The Brave New World of Wireless Technologies: A Primer for Educators

Have you just received funding to install a network in one of your campus’s older buildings? Great! Now what? Why not opt for wireless? Here, Jerry B'erner offers some basic knowledge of wireless networking.

How do you retrofit an older building with today’s networking infrastructure? If the building is built with thick interior walls, or with bricks, or is otherwise architecturally unique, your options to run network cabling on the surface of walls may be limited. You may also discover that you do not have easily accessed spaces above the ceilings, (e.g., no “false” ceilings) into which to install the cabling. And the installation of either copper wire or fiber cabling may require thousands of feet of cable and many hours of painstaking labor to connect. Are there any alternatives to the installation of physical wiring

Five years ago the answer would have been a resounding no! Today we can safely answer the same question with an emphatic yes. Wireless local area networks (WLANs) are now feasible and available at reasonable prices from a variety of vendors. However, the array of acronyms that face educators is imposing and overwhelming; the technical staff in your networking group may not be fully aware of the options. In most colleges and universities, networking personnel are much more comfortable with wired local area networks (LANs). What is ‘Wi-Fi’ anyway? Do we need to understand the difference between FHSS (Frequency Hopping Spread Spectrum) and DSSS (Direct Sequence Spread Spectrum)? While the technical details of these implementations of wireless communications are beyond the scope of an introductory article, we will examine the technologies available for implementing wireless networks today and suggest guidelines for selecting the most appropriate for our colleges and universities.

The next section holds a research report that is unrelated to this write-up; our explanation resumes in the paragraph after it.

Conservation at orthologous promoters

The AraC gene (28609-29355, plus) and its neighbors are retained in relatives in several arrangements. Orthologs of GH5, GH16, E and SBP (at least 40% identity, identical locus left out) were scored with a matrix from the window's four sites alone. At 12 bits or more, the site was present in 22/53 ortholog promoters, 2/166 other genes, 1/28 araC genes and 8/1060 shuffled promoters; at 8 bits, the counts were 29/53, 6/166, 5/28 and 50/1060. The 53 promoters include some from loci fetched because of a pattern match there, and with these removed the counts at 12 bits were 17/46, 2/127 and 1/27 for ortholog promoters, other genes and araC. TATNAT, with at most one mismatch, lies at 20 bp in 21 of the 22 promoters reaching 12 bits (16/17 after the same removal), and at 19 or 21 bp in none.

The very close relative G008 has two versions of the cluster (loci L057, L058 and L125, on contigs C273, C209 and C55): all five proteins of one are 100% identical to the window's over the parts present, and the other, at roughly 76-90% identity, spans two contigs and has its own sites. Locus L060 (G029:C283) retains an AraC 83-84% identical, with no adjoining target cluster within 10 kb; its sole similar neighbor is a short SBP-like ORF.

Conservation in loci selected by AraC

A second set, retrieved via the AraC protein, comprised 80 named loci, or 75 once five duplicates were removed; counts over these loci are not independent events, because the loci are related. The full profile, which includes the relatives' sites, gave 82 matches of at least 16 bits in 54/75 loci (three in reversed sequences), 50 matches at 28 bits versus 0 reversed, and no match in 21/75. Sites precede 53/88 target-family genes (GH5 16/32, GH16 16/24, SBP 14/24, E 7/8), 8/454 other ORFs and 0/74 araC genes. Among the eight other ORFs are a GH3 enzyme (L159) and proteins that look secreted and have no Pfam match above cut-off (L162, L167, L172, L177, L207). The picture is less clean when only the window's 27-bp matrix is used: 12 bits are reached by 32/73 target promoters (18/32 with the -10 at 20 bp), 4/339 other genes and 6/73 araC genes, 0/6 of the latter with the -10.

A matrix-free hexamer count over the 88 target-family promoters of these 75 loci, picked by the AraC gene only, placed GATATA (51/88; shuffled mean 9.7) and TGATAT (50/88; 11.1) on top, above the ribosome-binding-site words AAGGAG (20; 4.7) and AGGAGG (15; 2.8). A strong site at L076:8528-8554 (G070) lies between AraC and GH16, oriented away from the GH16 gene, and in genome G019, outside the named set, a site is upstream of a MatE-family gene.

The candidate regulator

The Traditional Wired Network

Starting in the mid-1980s, the choice focused our attention to three aspects of network infrastructure: cost, speed, and reliability–we could pick any two! Therefore, we arrived at the following compromises:

  • High speed and low cost: Ethernet at the sacrifice of relia bility
  • Low cost and high reliability: AppleTalk at the sacrifice of speed
  • High speed and high reliability: Token Ring at the sacrifice of cost

Today, this picture has changed substantially. But while our choices are much different, we are still limited to two of the three elements when designing a wired network. We introduce these concepts here so that as we examine wireless technologies, we can focus on the same three factors–speed, cost and reliability.


The Wireless Network

A wireless LAN requires essentially the same components as a wired LAN: a network interface card (NIC), a communication media (copper cable, fiber optics, etc.), a set of rules that follow a standard (protocol) for interpreting the communication signal, and an operating system that understands and maintains the connection between the local and remote computer. What differentiates a wireless network is the use of non-physical media for carrying our information between nodes of the network. A wireless LAN uses several different bands of the frequency spectrum; these frequencies are outside of the normal visual spectrum.

A wireless LAN adds to this mix a special device, the Access Point (AP) to the network. This device communicates with both the wireless device through the Radio Frequency (RF) signal and the wired network through standard protocols like Ethernet. In addition, both the Access Point and the NIC must include antennas to allow access to the RF spectrum. The key elements in designing a wireless LAN are the number, placement, and configuration of Access Points for optimal performance.

Wireless Networking Standards

Wireless LANs have been implemented in recent years via several standards. However, only the IEEE standards defined by Project 802.11 have resulted in sufficient production of devices that enable us to implement WLANs in our colleges and universities. Two variations of this standard are now producing devices for implementing our WLANs: IEEE 802.11b (11 Mbps in the 2.4 GHz band) and IEEE 802.11a (54 Mbps in the 5 GHz band). Both of these technologies function in the unlicensed spectra: the former uses the ISM band while the latter uses the U-NII band. Which one do we choose? Let’s take a closer look at the strengths and weaknesses of these technologies.